Huge Panorama of London in 1845

Another from my archive of the Illustrated London News – this time a really good one!

In 1845, the newspaper gave away a hand drawn panorama of the Thames running roughly from Vauxhall in the West to just past Greenwich in the East.


An original document is quite rare and when one comes up for sale, they usually go for prices that would deplete my wallet. Fortunately, a reprint made for the newspaper’s 150th anniversary, tends to be more affordable, and I recently acquired a copy – which has been annotated with additional explanatory text.

The scanned copy is huge (6GB) – sadly too huge for my feeble computer to cope with, but I have managed after some pleading with the laptop to deploy a moderate sized version.

The drawing itself is presented as two separate drawings, and I have joined them together in the middle to form a single long strip.


I present several versions.

Firstly is this Google Maps style presentation.

Click to open this in a new window

The software used to create the above display was supplied by the ever excellent Digital Urban blog.

More conventional formats

(click on images for larger versions)

The full panorama as a single image

Panorama of London
The Top Half

Panorama of London
The Bottom Half

Maybe one day I will be able to upload the really high resolution version – after I get a deluxe computer (and a pay rise to pay for it). Thanks to my flatmate and a friend who works at an office with a good scanner for assisting in preparing the images.

Other blog posts you might like:

Map of London and its Toll Gates from 1857

A Map of Westminster from 1593

Map of London in 1787

The genius of Cecil Court’s “find us” maps page

15 thoughts on “Huge Panorama of London in 1845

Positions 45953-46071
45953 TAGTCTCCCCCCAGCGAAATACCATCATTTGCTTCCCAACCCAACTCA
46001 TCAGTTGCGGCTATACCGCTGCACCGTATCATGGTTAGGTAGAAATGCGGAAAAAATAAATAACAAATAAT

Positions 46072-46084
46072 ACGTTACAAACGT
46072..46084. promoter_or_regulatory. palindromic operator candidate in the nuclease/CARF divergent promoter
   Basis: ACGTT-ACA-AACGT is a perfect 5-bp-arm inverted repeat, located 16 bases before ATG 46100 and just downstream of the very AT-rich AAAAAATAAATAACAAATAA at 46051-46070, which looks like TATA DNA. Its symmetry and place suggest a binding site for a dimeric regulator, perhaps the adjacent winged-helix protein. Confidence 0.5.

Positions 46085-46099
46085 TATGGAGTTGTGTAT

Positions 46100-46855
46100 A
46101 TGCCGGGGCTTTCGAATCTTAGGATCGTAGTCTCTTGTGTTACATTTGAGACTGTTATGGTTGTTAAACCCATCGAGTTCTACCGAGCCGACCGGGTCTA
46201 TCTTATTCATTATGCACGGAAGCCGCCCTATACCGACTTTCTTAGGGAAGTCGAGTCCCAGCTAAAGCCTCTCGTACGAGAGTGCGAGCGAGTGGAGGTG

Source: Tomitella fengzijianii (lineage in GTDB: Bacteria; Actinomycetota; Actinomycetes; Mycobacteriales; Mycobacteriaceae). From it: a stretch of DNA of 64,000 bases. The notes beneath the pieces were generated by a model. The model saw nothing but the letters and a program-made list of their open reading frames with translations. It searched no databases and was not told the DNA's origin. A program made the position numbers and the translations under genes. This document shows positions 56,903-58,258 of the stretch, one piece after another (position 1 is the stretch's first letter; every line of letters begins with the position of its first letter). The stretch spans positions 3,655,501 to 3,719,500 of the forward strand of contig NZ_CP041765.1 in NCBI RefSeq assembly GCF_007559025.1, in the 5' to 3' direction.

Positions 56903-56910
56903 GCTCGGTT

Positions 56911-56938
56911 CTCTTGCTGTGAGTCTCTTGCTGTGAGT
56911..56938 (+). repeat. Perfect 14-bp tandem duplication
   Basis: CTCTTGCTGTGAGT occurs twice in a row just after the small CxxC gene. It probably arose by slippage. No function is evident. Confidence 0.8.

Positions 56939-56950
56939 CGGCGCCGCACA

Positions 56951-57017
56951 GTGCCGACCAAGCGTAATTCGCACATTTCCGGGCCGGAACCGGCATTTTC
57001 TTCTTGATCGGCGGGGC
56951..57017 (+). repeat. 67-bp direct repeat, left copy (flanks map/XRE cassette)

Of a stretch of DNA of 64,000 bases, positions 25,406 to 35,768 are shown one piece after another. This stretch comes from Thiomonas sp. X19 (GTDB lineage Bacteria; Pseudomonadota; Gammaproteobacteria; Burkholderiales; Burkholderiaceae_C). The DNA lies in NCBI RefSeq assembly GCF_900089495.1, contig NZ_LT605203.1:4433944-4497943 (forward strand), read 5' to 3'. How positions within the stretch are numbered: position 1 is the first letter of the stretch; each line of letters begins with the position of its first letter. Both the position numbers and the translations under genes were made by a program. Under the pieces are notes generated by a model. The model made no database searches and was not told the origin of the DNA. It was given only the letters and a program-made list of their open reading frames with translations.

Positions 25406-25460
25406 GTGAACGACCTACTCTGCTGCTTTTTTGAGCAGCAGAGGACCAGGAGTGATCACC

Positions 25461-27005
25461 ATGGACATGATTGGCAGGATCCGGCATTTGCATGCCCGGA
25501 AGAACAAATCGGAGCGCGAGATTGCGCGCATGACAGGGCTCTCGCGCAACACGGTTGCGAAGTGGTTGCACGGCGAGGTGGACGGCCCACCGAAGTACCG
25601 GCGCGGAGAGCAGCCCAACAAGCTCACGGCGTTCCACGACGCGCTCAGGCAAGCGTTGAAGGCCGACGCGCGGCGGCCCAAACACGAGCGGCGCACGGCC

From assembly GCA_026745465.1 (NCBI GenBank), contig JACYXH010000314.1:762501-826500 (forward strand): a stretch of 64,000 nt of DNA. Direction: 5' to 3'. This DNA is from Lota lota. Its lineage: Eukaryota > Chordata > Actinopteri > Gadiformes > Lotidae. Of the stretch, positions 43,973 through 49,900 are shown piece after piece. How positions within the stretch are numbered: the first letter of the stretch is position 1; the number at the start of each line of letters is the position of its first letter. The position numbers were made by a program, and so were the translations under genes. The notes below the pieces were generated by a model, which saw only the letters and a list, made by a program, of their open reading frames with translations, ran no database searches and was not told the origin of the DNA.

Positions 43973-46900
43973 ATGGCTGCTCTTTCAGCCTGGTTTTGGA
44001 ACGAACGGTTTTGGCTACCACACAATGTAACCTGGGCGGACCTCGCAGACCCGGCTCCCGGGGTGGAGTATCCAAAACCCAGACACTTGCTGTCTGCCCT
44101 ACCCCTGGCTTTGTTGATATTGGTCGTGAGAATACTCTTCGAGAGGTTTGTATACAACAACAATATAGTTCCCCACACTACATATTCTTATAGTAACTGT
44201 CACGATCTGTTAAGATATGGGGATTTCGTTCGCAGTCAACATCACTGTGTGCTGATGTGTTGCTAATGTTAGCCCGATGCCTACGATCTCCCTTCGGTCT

1. A treasure trove! Thanks indeed for sharing.

    Great job of putting it up like this – fascinating exploring the sections on computer.

  2. awesome effort! there used to be copies of these up on the wall of a rarely travelled corridor at Kings College. I could never go past without stopping for a look.

  3. Great effort! That’s a neat thing. Zoomify would allow you to put that monster online, at a fraction of the size. You could add hotspots if you wanted to highlight certain things or you could even run a tour, pausing at selections for a few seconds before moving on to something new. Let me know if you are interested or need help.

  4. It’s not deploying the images onto the internet that is the problem – its editing them on my computer to align separate images and clean them up that kills my little laptop.

  5. this is excellent. I own an original panorama, from the same series, of Dublin (the annotations are not so good.) I would like it to get this same treatment. I want to use both in a forthcoming book: are you interested in digitising my map and sharing rights on both images or some such deal? If not, I would like to know where and how you got this digitised.

  6. What do you, or indeed anyone else, know of the artist – Frederick James Smyth – about whom I could find nothing on the web?

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